MIAMI, Aug. 14 (UPI) -- Al-Qaida suspect Jose Padilla, who is being tried in Miami, was kept isolated from other humans for more than three years as part of his interrogation.
Padilla, who authorities allege was involved in a plot to detonate a radiological "dirty bomb" within the United States, was the sole detainee in a high-security wing of the U.S. Naval Consolidated Brig in Charleston, S.C., without human contact for three years and seven months, the Christian Science Monitor reported Tuesday.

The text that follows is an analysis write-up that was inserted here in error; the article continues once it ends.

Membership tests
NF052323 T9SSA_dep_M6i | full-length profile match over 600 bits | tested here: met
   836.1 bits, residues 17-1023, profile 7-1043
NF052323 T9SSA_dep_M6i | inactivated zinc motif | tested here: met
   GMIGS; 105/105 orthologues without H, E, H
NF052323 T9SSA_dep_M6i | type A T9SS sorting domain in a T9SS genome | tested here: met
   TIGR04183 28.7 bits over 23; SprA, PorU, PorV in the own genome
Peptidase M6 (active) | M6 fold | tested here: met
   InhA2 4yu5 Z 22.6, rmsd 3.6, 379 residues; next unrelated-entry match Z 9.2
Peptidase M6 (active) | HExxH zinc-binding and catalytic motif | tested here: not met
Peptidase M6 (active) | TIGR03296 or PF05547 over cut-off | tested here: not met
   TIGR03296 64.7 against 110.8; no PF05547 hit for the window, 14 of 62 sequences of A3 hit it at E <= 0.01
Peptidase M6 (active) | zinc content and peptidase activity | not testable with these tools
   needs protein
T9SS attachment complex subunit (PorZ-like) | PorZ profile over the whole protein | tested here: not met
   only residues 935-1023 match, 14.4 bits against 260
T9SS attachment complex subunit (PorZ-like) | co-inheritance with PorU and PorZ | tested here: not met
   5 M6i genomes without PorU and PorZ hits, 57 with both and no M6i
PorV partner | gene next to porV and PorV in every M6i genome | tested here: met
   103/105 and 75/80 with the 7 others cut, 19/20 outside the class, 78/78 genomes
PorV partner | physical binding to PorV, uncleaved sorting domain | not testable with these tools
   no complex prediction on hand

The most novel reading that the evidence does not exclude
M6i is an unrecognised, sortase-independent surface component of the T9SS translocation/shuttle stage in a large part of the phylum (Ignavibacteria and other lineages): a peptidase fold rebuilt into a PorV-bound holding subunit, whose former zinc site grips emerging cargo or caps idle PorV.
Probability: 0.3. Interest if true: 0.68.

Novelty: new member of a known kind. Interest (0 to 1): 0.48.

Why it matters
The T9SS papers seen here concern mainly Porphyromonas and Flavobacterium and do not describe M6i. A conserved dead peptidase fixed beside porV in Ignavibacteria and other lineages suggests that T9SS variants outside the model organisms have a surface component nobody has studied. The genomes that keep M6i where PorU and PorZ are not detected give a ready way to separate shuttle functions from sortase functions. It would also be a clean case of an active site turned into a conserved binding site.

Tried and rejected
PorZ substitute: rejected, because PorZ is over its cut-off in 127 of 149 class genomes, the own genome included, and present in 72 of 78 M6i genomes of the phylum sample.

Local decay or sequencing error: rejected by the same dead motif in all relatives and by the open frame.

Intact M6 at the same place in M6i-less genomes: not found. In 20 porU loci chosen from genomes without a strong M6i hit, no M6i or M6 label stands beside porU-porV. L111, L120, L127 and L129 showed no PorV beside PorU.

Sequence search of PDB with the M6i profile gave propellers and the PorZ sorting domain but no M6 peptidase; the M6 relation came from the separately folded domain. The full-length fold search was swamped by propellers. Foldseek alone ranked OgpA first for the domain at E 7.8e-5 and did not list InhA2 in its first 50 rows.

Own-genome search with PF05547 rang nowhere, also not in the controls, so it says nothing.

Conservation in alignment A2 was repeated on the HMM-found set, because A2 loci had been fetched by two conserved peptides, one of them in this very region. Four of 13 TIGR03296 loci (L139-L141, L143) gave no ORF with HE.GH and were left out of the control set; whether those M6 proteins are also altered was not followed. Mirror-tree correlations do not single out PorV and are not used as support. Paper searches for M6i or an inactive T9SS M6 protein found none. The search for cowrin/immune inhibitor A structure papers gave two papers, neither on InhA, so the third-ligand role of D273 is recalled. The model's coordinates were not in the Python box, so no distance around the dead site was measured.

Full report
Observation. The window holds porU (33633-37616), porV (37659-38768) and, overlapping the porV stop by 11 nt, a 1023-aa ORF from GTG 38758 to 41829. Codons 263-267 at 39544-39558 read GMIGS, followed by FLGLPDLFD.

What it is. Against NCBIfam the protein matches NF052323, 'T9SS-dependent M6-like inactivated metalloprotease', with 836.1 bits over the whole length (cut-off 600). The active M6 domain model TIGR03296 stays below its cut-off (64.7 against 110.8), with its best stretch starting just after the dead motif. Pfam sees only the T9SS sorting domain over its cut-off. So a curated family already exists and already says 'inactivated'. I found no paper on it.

Experts familiar with the interrogation technique said it is meant to deprive the suspect of any human connections as well as senses of place and time.
"It is clear that the intent of this isolation was to break Padilla for the purpose of the interrogations that were to follow," said Stuart Grassian, a Boston psychiatrist and expert on the effects of solitary confinement who examined Padilla for his lawyers.
Psychologist Patricia Zapf, who also examined Padilla at the request of his lawyers, said she believes the suspect's psychological state should have been more closely watched during his imprisonment.
"In my opinion, it appears unusual that someone held in solitary confinement for upwards of three years would not have undergone a more thorough and regular evaluation of (his) mental state," she said.